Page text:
BOTA is headed by Chief Executive Officer (CEO), who is supervising four different organs:

  • Research and Planning;
  • Finance and Vocational Training Funding;
  • Human Resources Management and Corporate Services;
  • Quality Assurance; and
  • Standards Development.
The Department of Technical and Vocational Education and Training (DTVET) is responsible for the planning and implementation of all institutional-based vocational programmes – (1) technical and vocational education and (2) apprenticeship skills training – provided through the government vocational training centres and the Brigades. Indeed, reforms were launched by the Government in 2008 to register the brigades as schools under the direct responsibility of the DTVET. Most of them have now become centrally governed as public Technical Colleges and other public training institutions. Their previous relative autonomy in decision making on issues related to, amongst others, development of programmes, teaching and learning is thereby reduced.

The DTVET consists of five divisions:

  • Policy and Development;
  • Programme Development and Delivery;
  • Human Resource Management and Development;
  • Brigades Development; and
  • Departmental Management.
The Botswana Technical Education Programmes (BTEP) provided by the technical colleges is developed by the Programme Development and Delivery Unit of the DVET, in consultation with the industry and the employers.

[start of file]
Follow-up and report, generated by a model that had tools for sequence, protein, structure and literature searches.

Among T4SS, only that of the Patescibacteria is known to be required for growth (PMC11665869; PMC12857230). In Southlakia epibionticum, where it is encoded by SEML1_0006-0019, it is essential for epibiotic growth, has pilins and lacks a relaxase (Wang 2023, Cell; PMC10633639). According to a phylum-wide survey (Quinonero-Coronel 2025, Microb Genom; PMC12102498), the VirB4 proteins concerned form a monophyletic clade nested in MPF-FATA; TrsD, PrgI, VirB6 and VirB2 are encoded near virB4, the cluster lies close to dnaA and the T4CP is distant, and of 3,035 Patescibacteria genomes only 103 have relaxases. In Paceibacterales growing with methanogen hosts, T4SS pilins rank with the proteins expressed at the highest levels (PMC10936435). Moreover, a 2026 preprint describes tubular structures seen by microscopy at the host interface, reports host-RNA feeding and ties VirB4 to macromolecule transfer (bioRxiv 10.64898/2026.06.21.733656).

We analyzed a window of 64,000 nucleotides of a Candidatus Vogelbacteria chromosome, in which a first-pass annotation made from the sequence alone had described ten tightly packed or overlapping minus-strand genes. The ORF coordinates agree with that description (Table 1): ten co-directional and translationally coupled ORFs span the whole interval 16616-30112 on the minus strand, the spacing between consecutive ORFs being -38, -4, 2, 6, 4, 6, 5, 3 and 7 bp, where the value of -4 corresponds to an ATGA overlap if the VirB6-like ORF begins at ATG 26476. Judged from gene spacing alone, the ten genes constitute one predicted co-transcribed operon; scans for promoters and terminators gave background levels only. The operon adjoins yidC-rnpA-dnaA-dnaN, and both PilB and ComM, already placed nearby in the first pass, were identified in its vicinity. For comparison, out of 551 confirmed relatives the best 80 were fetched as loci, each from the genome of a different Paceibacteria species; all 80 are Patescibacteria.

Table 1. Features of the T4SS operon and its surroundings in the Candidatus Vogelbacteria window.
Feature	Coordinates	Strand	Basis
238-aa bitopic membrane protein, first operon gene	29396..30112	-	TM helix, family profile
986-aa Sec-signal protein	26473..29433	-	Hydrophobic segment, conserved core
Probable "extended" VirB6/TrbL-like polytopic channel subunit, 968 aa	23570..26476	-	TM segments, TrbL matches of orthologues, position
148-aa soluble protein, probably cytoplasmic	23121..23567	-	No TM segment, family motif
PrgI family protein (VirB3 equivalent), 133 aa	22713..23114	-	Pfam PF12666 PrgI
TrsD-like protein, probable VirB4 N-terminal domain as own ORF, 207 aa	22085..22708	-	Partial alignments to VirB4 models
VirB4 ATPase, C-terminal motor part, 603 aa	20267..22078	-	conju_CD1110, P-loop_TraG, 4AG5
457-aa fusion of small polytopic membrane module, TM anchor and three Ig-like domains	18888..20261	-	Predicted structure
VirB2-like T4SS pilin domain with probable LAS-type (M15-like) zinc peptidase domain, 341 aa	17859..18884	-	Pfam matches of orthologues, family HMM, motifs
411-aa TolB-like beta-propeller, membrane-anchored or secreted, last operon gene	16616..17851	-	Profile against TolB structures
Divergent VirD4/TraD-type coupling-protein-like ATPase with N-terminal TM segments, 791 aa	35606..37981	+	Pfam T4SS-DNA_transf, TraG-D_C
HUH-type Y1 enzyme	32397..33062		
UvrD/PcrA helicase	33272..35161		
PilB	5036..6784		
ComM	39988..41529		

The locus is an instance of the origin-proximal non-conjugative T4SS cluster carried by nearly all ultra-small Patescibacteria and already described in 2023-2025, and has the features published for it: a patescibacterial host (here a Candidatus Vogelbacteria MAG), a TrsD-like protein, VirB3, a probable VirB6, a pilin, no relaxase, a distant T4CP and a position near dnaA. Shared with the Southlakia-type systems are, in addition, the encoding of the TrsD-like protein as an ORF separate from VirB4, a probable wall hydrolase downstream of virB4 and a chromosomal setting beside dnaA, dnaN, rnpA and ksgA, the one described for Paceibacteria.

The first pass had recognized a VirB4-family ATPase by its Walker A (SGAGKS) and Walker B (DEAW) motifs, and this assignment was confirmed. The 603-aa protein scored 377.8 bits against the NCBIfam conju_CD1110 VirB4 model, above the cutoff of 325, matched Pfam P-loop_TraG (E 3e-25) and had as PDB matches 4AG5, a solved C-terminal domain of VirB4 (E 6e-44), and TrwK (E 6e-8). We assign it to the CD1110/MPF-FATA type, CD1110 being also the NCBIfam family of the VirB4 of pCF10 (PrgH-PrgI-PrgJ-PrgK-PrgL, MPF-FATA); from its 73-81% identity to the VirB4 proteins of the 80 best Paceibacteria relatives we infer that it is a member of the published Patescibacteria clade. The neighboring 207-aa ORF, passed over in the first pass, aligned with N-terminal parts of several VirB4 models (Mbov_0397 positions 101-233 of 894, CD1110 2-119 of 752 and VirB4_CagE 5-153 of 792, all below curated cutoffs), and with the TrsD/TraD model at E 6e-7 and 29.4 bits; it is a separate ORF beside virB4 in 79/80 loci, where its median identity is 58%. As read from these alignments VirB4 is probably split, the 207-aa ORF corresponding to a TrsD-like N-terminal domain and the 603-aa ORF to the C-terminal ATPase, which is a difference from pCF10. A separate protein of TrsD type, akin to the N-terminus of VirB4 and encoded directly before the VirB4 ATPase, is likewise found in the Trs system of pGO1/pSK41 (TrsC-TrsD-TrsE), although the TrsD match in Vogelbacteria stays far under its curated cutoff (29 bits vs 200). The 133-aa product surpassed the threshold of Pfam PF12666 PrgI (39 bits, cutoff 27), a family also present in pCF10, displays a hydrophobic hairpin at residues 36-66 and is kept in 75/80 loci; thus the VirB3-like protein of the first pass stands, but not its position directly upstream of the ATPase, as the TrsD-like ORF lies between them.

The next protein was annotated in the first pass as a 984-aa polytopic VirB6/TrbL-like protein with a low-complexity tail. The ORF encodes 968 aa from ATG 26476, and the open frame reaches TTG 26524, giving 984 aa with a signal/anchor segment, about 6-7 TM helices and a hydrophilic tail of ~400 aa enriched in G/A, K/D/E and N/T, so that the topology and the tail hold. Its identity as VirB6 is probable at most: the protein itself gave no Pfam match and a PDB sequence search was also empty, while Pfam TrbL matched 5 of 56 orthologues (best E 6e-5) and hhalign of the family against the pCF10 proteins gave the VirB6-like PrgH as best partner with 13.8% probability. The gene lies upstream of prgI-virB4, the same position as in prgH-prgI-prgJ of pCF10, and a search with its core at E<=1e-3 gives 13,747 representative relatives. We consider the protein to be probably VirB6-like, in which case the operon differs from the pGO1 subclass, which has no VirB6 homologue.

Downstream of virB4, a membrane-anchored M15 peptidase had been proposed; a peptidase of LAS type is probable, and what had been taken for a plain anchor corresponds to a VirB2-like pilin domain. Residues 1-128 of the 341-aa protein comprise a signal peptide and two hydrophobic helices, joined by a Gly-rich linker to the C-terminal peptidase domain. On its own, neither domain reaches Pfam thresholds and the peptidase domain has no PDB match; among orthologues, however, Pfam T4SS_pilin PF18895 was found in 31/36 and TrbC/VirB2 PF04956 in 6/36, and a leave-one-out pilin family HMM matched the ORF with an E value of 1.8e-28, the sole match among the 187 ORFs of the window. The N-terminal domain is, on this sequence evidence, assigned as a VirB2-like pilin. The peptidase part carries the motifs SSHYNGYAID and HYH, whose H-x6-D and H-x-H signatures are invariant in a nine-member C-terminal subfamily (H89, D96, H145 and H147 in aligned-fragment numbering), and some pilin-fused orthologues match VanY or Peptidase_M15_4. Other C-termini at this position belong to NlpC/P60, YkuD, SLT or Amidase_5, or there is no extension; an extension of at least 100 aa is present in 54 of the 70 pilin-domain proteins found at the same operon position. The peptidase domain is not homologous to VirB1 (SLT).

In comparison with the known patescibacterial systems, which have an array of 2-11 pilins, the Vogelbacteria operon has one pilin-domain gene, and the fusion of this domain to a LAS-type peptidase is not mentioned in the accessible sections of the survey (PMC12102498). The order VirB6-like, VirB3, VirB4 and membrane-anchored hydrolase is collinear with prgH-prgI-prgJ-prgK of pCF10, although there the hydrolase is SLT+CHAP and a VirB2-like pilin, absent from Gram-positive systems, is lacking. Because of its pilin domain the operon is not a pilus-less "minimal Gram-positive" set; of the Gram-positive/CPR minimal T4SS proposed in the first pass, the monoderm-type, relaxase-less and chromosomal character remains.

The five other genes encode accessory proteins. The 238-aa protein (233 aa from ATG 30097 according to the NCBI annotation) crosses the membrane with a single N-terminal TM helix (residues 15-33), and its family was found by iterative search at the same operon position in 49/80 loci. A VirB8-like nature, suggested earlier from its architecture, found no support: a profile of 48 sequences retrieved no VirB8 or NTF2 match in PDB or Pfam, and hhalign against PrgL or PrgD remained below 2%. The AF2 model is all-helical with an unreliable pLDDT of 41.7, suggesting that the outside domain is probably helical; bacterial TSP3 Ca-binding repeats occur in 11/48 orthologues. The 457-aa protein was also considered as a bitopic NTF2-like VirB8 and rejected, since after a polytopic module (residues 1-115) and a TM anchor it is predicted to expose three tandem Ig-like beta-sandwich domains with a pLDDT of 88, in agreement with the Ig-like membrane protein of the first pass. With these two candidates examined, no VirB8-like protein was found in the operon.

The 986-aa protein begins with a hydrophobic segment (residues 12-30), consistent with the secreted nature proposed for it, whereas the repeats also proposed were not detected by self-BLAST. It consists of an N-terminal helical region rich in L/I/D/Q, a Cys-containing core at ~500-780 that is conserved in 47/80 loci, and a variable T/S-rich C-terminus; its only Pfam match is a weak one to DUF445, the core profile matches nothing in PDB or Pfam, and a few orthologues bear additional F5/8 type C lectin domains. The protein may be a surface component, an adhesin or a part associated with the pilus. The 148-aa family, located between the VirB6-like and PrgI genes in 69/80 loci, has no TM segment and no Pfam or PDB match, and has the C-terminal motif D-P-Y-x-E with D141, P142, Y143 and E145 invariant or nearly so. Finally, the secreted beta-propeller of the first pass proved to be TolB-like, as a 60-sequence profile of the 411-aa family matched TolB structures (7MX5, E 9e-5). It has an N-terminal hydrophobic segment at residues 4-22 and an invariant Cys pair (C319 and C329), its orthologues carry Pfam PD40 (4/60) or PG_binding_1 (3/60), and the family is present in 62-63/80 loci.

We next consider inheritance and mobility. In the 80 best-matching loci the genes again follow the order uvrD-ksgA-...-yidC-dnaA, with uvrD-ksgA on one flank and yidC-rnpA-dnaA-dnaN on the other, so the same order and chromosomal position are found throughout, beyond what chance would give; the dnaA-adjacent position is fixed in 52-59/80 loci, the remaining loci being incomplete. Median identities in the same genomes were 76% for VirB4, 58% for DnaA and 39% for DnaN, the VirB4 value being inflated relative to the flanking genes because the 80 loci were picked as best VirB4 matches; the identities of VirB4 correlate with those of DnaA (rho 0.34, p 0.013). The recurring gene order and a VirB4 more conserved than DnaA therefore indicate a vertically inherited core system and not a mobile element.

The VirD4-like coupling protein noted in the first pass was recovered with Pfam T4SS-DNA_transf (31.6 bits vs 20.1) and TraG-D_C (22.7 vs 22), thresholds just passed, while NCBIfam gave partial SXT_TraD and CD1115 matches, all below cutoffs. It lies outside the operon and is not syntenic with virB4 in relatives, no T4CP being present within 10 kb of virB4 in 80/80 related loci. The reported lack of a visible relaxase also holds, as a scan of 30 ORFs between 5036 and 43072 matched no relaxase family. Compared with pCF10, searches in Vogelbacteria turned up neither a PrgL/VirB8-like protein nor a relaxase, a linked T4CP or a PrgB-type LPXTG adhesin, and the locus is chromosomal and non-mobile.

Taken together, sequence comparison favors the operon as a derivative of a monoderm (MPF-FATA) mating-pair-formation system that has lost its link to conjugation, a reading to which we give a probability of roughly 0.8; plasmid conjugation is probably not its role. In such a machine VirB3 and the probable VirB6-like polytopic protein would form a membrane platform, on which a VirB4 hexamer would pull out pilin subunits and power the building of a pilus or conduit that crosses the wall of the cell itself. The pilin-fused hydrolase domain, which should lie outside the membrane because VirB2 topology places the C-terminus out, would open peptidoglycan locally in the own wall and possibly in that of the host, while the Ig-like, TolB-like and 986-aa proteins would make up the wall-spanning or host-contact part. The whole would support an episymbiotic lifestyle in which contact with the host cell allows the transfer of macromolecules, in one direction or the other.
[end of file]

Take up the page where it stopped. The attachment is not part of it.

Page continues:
Financing

TVET in Botswana is funded in four major areas:

  • The provision of skills programmes by TVET institutions and their day-to-day running are majorly financed by the Government’s Recurrent Budgets. TVET is mainly supported by the Ministry of Education and Skills Development (MoE&SD), followed by the Ministries of Labour and Home Affairs (MLAF), of Health (MOH), of Agriculture (MOA) and of Transport and Communications (MTC). Some institutions can also partly finance their programmes through their own training units.
  • A levy/grant system for Vocational Training was introduced by the Minister of Labour and Home Affairs. The amount of the levy is based on the annual turnover of Botswana companies registered under the Vocational Training Fund, entirely managed by BOTA. As BOTA moved from one Ministry to another (See 3. Governance and Financing), the Vocational Training Fund now lies under the responsibility of the Ministry of Education and Skills Development.
  • The construction and expansion of public TVET institutions’ facilities are funded by the Government’s Development Budgets for capital investments as well as by the Government’s collaborating partners, notably the European Union, except where it entails private tertiary education institutions.